The memoirs of a War time Sailor
By Bert Wynn and Alan Matthews.
Foreword By Alan Matthews
I first spoke to Bert "Yorky" Wynn in late 1995, he'd replied to an advert I placed in a well-known naval newspaper. The purpose of which had been to try to locate ratings who had served onboard the battlecruiser HMS Repulse during the Second World War. After a short conversation I was pleased to be informed that he remembered my father from the time they both spent onboard this warship.
Shortly afterwards I began to write a book about the wartime history of this ship and also six men who served on her during that period. The longer my conversations with Yorky, the deeper my convictions that the accounts of his war time years were truly remarkable. I planned to approach him at the Repulse and Prince of Wales annual reunion held at Plymouth in May 1996, with a view to including his story alongside the recollections retold by his old shipmates.
Tragically fate played a hand; shortly before the reunion Teresa, his wife and companion for almost fifty-four years, sadly passed away. Understandably he was devastated, having no contact with my father or myself for several months afterwards. Eventually his great strength of character came through and the phone conversations of his wartime years gradually resumed.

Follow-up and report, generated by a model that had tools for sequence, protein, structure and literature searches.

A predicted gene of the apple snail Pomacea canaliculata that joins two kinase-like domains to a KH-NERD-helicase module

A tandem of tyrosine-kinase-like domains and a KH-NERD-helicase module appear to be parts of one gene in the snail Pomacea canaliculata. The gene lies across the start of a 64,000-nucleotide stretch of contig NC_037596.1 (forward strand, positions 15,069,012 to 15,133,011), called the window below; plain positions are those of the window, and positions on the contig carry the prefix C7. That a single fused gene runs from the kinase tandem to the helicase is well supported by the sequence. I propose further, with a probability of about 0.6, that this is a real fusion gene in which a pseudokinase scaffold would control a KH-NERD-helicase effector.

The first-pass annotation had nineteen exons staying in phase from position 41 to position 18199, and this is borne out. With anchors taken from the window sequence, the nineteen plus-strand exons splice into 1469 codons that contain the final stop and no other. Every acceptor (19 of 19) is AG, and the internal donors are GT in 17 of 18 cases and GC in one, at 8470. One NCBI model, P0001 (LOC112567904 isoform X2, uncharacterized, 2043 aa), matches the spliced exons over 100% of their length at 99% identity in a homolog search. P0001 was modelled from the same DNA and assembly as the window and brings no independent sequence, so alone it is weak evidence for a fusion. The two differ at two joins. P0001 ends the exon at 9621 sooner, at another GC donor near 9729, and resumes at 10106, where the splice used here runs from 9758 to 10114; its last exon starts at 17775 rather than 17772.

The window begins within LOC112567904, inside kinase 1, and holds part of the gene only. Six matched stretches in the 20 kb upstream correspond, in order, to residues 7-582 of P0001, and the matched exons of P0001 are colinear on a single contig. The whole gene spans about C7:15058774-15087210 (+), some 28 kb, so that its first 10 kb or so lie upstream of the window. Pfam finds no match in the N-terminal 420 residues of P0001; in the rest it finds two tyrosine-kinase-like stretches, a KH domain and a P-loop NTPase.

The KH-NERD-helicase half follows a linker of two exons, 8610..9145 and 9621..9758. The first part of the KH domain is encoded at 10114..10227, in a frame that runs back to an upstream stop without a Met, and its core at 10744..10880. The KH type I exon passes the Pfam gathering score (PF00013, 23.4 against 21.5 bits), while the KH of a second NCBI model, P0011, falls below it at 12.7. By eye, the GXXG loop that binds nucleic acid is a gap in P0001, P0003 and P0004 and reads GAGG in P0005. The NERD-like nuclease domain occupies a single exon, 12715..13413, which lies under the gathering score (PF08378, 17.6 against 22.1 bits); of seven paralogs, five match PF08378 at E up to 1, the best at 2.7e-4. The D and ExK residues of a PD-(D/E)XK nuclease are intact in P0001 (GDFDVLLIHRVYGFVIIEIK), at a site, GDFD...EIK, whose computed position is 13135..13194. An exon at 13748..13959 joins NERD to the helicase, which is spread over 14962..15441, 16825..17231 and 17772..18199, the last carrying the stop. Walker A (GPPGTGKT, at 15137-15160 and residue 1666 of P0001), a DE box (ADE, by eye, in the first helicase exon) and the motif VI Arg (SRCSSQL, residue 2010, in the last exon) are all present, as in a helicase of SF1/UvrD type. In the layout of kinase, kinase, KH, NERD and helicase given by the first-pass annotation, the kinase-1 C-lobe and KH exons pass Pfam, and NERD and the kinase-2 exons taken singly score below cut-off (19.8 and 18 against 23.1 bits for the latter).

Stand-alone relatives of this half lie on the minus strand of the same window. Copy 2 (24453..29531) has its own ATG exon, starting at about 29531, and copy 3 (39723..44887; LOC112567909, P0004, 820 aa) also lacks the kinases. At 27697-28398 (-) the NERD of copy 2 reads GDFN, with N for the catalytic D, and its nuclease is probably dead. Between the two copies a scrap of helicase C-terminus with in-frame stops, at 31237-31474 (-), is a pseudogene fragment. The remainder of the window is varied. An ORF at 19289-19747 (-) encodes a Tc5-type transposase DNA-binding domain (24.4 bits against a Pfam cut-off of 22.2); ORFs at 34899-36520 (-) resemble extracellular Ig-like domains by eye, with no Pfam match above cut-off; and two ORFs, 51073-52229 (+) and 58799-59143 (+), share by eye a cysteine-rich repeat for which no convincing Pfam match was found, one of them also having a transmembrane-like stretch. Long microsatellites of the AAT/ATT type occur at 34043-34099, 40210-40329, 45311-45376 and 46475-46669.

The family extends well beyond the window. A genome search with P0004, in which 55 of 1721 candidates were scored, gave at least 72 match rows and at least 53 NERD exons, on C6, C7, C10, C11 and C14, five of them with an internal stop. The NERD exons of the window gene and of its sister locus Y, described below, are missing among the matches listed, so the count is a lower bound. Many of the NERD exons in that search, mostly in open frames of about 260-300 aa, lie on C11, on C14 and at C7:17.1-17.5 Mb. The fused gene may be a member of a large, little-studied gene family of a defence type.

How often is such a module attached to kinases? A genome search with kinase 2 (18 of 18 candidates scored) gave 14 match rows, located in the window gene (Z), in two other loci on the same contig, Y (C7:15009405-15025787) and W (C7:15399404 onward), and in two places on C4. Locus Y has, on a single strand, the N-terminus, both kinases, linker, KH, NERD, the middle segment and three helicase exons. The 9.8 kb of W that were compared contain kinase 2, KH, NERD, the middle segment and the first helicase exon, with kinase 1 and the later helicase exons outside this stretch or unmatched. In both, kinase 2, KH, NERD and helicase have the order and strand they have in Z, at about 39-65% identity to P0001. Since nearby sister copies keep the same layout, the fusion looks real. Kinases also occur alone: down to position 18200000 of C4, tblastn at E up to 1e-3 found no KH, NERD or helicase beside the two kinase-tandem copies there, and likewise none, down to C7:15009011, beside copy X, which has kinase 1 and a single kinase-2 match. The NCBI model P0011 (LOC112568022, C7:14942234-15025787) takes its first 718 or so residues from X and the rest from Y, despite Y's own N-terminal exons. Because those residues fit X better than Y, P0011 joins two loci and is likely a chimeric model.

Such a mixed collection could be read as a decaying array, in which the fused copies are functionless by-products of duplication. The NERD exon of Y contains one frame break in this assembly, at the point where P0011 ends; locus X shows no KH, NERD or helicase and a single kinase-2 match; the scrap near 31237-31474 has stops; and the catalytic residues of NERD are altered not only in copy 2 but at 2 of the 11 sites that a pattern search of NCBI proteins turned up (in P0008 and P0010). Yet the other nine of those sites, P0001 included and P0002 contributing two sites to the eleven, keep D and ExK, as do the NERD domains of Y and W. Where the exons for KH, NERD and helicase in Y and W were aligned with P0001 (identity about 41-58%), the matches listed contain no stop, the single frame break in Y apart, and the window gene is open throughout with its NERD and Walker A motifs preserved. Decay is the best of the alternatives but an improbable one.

Our paths crossed once more at the Association's 1997 reunion in Scarborough; I will always cherish the memory of one particular evening I spent in the company of Yorky. He held my attention for hours without seeming to pause to draw breath. I was finally convinced that his story had to be told.
When I read of recent conflicts throughout the world and the subsequent books that have been written by participants in these short lived actions. I feel in many cases the publicity sought by those persons to be in direct contrast to the humility shown by people such as Yorky when they talk of their own personal exploits throughout the six long years of World War II.
My contribution to this book is in tribute to the thousands whose stories have never been told. It is also in recognition of the degradation and hardships they suffered, which enabled future generations to live a life of relative freedom and happiness.
Dedicated to the memory of Teresa